Re: If I were to custom-make plate holders, would you buy them?

From: Jon Danforth ^lt;[email protected]>
Date: 07/13/04-11:24:25 AM Z
Message-id: <003801c468fe$3ec423c0$0f0ba8c0@Hualon>

The beauty of having these made is that the process of changing the plate
opening isn't very intense or expensive. Making 5x7 or 4x5 openings in an
8x10 holder would be perfectly practical. I could probably engineer a
holder that would give you two 3.85 x 9.85 panoramic windows with a
specialized masking darkslide so you could load two dry plates in one holder
(you would just flip the darkslide around to expose the other frame after
you recomposed).

I was planning on making the quater plate size 3.25" x 4.25 inches which I
believe is historically accurate. I'm having trouble locking down the
precise dimensions for full plate. Based on my research, full plate is 6.5"
x 8.5". Can someone confirm this?


----- Original Message -----
From: "Ryuji Suzuki" <>
To: <>
Sent: Tuesday, July 13, 2004 11:44 AM
Subject: Re: If I were to custom-make plate holders, would you buy them?

> Apparently I missed the previous plate holder thread. My camera is
> designed for 6.5 by 8.5 inch plates and I have a few holders (double
> sided) so I don't have immediate desire to collect more holders, but I
> have asked the same question in a Japanese darkroom mailing list a
> while ago. The response there was that Mr Tachihara, who makes a line
> of wood view cameras, has experience in making plate holders and he
> would be most likely to accept requests for custom fabrication.
> Below is of potential interest for other dry plate users.
> I've looked at common names for plate sizes, but depending on the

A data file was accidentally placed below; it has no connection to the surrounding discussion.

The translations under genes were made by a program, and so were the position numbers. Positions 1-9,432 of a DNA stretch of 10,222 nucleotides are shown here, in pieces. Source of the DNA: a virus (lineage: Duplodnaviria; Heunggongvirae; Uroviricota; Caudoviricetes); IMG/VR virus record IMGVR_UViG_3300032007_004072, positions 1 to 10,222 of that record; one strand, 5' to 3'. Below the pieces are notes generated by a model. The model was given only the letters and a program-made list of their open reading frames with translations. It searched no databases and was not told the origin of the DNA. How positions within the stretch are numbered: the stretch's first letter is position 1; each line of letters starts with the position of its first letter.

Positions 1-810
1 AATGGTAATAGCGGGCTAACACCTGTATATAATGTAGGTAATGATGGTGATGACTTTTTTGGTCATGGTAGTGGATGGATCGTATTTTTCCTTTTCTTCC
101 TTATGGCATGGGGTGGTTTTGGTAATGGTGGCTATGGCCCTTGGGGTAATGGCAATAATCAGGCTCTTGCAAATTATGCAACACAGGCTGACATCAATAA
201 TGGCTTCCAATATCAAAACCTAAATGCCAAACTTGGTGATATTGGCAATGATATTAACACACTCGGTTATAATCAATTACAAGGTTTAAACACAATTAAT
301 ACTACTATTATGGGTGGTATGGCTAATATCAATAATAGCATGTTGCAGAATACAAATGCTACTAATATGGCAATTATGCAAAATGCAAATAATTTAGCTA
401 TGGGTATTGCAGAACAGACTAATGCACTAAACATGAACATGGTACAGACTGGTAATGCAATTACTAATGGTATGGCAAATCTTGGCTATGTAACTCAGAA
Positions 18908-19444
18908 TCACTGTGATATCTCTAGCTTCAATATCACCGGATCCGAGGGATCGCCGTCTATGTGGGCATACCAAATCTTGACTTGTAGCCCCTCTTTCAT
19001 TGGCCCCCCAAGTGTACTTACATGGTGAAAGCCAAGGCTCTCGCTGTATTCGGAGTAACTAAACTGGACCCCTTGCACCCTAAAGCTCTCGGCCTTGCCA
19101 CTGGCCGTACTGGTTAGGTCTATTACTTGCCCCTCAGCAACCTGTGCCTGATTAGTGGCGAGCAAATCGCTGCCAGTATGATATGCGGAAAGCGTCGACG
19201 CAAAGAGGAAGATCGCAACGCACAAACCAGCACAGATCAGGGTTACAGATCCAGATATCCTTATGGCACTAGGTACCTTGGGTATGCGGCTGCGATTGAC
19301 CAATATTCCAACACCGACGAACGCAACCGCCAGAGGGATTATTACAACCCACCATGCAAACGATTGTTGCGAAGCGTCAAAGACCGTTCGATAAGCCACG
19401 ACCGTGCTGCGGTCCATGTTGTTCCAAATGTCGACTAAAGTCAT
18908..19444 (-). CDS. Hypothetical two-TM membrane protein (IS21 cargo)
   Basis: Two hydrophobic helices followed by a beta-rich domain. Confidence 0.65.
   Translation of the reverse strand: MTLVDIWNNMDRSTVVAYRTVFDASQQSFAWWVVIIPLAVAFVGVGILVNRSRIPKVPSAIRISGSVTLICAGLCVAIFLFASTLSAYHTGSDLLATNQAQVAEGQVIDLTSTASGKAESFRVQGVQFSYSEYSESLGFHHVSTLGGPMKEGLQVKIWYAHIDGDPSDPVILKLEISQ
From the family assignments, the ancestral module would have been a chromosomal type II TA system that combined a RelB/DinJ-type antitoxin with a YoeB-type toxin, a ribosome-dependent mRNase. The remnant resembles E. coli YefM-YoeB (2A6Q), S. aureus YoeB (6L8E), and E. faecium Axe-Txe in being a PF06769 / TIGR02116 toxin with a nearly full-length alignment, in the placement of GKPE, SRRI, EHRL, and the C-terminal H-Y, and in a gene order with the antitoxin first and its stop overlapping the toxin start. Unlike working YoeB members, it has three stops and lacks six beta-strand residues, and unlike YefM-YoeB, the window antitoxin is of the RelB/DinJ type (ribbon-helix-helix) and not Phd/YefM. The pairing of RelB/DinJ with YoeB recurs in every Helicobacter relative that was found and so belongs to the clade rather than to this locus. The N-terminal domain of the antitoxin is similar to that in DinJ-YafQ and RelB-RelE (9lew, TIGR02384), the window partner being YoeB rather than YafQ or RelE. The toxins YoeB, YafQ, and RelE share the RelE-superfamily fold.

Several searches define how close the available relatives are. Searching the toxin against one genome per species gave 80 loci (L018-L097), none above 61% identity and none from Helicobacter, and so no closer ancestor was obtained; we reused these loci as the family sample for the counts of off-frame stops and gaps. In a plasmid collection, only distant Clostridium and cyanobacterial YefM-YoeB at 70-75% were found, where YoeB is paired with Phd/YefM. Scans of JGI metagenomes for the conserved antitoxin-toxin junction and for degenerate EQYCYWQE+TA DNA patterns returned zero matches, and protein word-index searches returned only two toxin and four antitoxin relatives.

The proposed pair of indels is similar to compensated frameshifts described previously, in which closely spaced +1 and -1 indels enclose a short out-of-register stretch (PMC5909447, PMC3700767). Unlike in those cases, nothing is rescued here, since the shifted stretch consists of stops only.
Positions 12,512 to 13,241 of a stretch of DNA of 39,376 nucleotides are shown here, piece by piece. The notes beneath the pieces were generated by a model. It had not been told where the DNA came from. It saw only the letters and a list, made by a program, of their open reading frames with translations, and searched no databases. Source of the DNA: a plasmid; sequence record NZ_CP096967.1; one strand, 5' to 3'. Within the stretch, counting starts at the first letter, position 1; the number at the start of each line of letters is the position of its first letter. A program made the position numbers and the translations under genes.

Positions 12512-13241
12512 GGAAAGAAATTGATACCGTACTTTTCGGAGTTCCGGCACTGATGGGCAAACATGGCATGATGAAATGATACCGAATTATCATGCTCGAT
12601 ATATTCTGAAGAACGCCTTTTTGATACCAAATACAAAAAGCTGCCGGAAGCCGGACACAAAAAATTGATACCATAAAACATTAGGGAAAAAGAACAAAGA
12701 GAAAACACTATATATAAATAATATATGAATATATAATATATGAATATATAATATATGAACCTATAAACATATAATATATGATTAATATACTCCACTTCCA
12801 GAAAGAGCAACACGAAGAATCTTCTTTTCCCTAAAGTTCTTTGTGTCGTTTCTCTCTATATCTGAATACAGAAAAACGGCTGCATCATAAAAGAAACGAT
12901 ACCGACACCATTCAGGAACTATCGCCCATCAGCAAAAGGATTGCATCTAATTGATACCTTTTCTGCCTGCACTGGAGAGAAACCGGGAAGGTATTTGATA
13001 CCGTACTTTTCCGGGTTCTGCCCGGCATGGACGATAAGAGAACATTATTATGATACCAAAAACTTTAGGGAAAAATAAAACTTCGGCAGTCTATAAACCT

> country and era, names seem to deviate. For example, I've seen 6.5 by
> 8.5 inch mentioned as full plate and half plate.
> When I was shopping for glass of 1.6mm thickness, plate or float, the
> price was high unless I buy $500 or more of glass in one
> transaction. But I found that 5x7 glass of high quality could be
> purchased very inexpensively as framing material. Also, 5x7 enlargers
> are common but 6.5 by 8.5 enlargers aren't (practically speaking an
> 8x10 enlarger is required). For all these reasons I downsized to
> 5x7. (My enlarger can do only 5x7 or smaller.)
> --
> Ryuji Suzuki
> "You have to realize that junk is not the problem in and of itself.
> Junk is the symptom, not the problem."
> (Bob Dylan 1971; source: No Direction Home by Robert Shelton)
> From: Jon Danforth <>
> Subject: If I were to custom-make plate holders, would you buy them?
> Date: Tue, 13 Jul 2004 11:10:46 -0400
> > I'm considering producing a batch of custom-milled solid aluminum* plate
> > holders that will fit in modern large format film cameras. I can't
> > that there would be a huge market for such a thing but I wanted to know
> > any of you would be interested.
> >
> > I would make 4x5 and 8x10 holders with quarter plate and full plate
> > (respectively). It wouldn't be very difficult to modify the process to
> > cutouts for different sizes (I'm considering 5x9 for myself, for
> > Based on a couple early estimates, I could probably sell the 4x5 holders
> > $65 each and the 8x10 holders for $120 each.
> >
> > Does this tickle anyone's fancy? I know that there aren't many people
> > work with wet/dry plate on the list but maybe you just lurk and I don't
> > about you!
> >
> > Thanks,
> > Jon
> >
> > *I'm not sure of the reactivity considerations with wet-plate chemistry.
> > Would the silver iodide react with Aluminum? I might consider steel and
> > titanium versions for wet-plate considerations.
> >
Received on Tue Jul 13 11:24:44 2004

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